[llvm-mc] FreeBSD kernel module performance impact when upgrading clang

Hi,

I'm in the process of migrating from clang5 to clang10. Unfortunately clang10 introduced a negative performance impact. The cause is an increase of PLT entries from this patch (first released in clang7):

https://bugs.llvm.org/show_bug.cgi?id=36370
https://reviews.llvm.org/D43383

If I revert that clang patch locally, the additional PLT entries and the performance impact disappear.

This occurs in the context of FreeBSD kernel modules. Using the example code from this page:

...I can explain what I'm seeing. If I compare the objects generated by clang5 and clang10 for the example:

clang5:

  $ objdump -r skeleton.o
  
  skeleton.o: file format elf64-x86-64
  
  RELOCATION RECORDS FOR [.text]:
  OFFSET TYPE VALUE
  0000000000000019 R_X86_64_32S .rodata.str1.1+0x0000000000000015
  0000000000000024 R_X86_64_32S .rodata.str1.1+0x000000000000002b
  000000000000002b R_X86_64_PC32 uprintf-0x0000000000000004
  [...]

clang10:

  $ objdump -r skeleton.o
  
  skeleton.o: file format elf64-x86-64
  
  RELOCATION RECORDS FOR [.text]:
  OFFSET TYPE VALUE
  0000000000000017 R_X86_64_32S .rodata.str1.1+0x000000000000002b
  0000000000000020 R_X86_64_32S .rodata.str1.1+0x0000000000000015
  0000000000000029 R_X86_64_PLT32 uprintf-0x0000000000000004
  [...]

The relocation for the external uprintf call is changed from R_X86_64_PC32 to R_X86_64_PLT32.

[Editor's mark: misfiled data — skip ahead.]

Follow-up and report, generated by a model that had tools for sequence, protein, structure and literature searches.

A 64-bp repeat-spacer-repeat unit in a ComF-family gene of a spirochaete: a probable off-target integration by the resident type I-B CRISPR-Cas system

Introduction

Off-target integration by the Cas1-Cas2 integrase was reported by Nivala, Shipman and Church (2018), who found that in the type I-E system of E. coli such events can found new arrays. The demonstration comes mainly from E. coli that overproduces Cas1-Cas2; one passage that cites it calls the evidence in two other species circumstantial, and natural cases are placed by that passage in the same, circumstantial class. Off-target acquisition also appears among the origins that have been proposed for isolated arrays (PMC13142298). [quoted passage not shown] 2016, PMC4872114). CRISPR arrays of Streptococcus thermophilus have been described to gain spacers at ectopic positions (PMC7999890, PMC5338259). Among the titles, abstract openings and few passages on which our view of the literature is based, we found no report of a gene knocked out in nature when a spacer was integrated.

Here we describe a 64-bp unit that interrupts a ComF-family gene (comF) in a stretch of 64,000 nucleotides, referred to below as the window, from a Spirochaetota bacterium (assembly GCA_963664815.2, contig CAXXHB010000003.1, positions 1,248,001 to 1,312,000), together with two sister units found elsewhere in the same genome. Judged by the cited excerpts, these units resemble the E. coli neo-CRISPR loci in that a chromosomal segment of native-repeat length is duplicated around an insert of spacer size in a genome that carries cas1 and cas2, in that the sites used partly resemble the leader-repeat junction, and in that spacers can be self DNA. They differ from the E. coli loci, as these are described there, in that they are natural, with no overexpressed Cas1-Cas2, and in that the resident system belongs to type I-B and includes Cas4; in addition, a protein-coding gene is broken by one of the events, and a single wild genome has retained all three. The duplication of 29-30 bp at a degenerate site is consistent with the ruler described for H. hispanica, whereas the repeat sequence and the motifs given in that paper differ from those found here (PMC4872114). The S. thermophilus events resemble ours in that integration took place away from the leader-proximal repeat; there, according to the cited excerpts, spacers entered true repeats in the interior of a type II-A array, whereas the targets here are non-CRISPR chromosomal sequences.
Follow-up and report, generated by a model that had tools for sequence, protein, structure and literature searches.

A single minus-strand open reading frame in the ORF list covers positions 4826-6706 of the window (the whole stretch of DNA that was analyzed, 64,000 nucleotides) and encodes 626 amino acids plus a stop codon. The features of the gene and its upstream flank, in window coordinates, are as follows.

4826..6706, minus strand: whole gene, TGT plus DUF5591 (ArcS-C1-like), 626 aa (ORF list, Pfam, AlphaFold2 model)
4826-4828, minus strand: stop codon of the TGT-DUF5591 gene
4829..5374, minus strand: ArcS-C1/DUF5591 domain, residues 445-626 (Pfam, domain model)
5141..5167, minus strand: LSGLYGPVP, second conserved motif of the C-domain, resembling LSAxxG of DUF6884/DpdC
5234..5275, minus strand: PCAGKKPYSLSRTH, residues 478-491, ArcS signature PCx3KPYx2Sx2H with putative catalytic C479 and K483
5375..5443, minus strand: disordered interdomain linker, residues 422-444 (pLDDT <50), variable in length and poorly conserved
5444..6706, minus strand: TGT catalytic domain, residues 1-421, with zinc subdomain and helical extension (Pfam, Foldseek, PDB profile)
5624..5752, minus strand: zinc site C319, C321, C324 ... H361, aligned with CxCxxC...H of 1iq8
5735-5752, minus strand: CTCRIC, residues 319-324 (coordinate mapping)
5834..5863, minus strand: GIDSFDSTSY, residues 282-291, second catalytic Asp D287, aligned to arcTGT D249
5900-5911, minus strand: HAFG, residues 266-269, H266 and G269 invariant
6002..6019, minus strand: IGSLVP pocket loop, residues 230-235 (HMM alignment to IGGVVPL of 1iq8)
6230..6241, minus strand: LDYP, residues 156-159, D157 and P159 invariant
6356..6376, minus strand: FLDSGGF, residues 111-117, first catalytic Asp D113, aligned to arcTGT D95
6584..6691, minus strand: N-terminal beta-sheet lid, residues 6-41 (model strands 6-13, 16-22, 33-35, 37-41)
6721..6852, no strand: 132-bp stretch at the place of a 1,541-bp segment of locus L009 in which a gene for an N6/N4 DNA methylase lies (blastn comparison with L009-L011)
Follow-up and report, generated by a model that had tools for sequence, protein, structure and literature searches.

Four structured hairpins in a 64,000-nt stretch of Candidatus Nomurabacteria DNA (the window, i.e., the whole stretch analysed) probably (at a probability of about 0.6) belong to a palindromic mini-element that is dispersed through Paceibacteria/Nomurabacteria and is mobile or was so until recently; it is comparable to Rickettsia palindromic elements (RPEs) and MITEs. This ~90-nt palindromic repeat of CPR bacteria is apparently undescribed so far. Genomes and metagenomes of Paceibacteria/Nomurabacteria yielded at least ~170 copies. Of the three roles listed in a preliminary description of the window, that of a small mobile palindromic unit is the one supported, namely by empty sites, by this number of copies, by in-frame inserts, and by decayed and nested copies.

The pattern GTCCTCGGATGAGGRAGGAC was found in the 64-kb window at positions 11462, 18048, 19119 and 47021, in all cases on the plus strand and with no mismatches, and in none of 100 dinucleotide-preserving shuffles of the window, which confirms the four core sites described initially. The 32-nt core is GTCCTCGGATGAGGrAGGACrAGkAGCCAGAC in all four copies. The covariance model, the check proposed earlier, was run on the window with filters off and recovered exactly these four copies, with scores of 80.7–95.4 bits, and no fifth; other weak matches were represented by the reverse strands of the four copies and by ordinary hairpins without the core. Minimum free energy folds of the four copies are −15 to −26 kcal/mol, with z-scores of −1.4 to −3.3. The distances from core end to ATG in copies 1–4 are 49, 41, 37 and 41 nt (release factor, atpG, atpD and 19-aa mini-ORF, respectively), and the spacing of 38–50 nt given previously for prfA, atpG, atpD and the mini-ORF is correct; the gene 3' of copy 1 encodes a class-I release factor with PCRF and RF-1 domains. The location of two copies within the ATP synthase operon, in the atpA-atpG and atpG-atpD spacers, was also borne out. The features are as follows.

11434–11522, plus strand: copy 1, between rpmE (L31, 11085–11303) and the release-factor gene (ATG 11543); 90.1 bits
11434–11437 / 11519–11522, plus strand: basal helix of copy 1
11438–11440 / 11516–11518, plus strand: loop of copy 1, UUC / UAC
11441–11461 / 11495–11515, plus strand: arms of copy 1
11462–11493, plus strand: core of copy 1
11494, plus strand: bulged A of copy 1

Normally, amd64/x86 kernel modules are relocatable object files (via ld -r). Because of that, D43383 typically has no impact as the FreeBSD loader sees the relocations directly and treats R_X86_64_PC32 and R_X86_64_PLT32 the same:

https://github.com/freebsd/freebsd/blob/master/sys/amd64/amd64/elf_machdep.c#L321

But in my case, the kernel objects are created as shared objects. Using shared objects is atypical for amd64, but done for every other architecture except mips:

https://github.com/freebsd/freebsd/blob/master/sys/conf/kmod.mk#L81

The comments in the D43383 review suggest that a modern linker should reduce the PLT32 relocations to PC32 for local calls. But I do not see that reduction even when testing this and other examples with lld 10. My understanding is this is due to the shared kernel objects. The relocations are being processed (and left as PLT) prior to the kernel loader ever seeing them. Unfortunately this means many calls that previously did not go through the PLT now do.

Note that allowing R_X86_64_PC32 within shared objects (without -fPIC) requires a linker patch. This works within a kernel environment even if it should be disallowed elsewhere. But it reveals the larger question raised by the patch and its impact: whose responsibility should this behavior be?

It seems the linker/lld should supply an equivalent of -mcmodel=kernel, e.g. indicating 64-bit pointers will fit in a 32-bit address space. (Stated another way: it seems appropriate to allow users to 32-bit sign extend relocations in shared libraries if they specify some sort of kernel mode.)

From there though, is the linker the place to eliminate PLT relocations for this use case?

Or should the compiler be the one to specify the "right" relocations, meaning the D43383 patch should be modified to emit a different relocation for -mcmodel=kernel?

In summary:

1. Could you please clarify for me the conditions under which the PLT->PC relocation reduction should occur?
2. Given the goal of eliminating unneeded PLT entries from shared kernel objects: should the linker or the compiler be responsible for doing the right thing?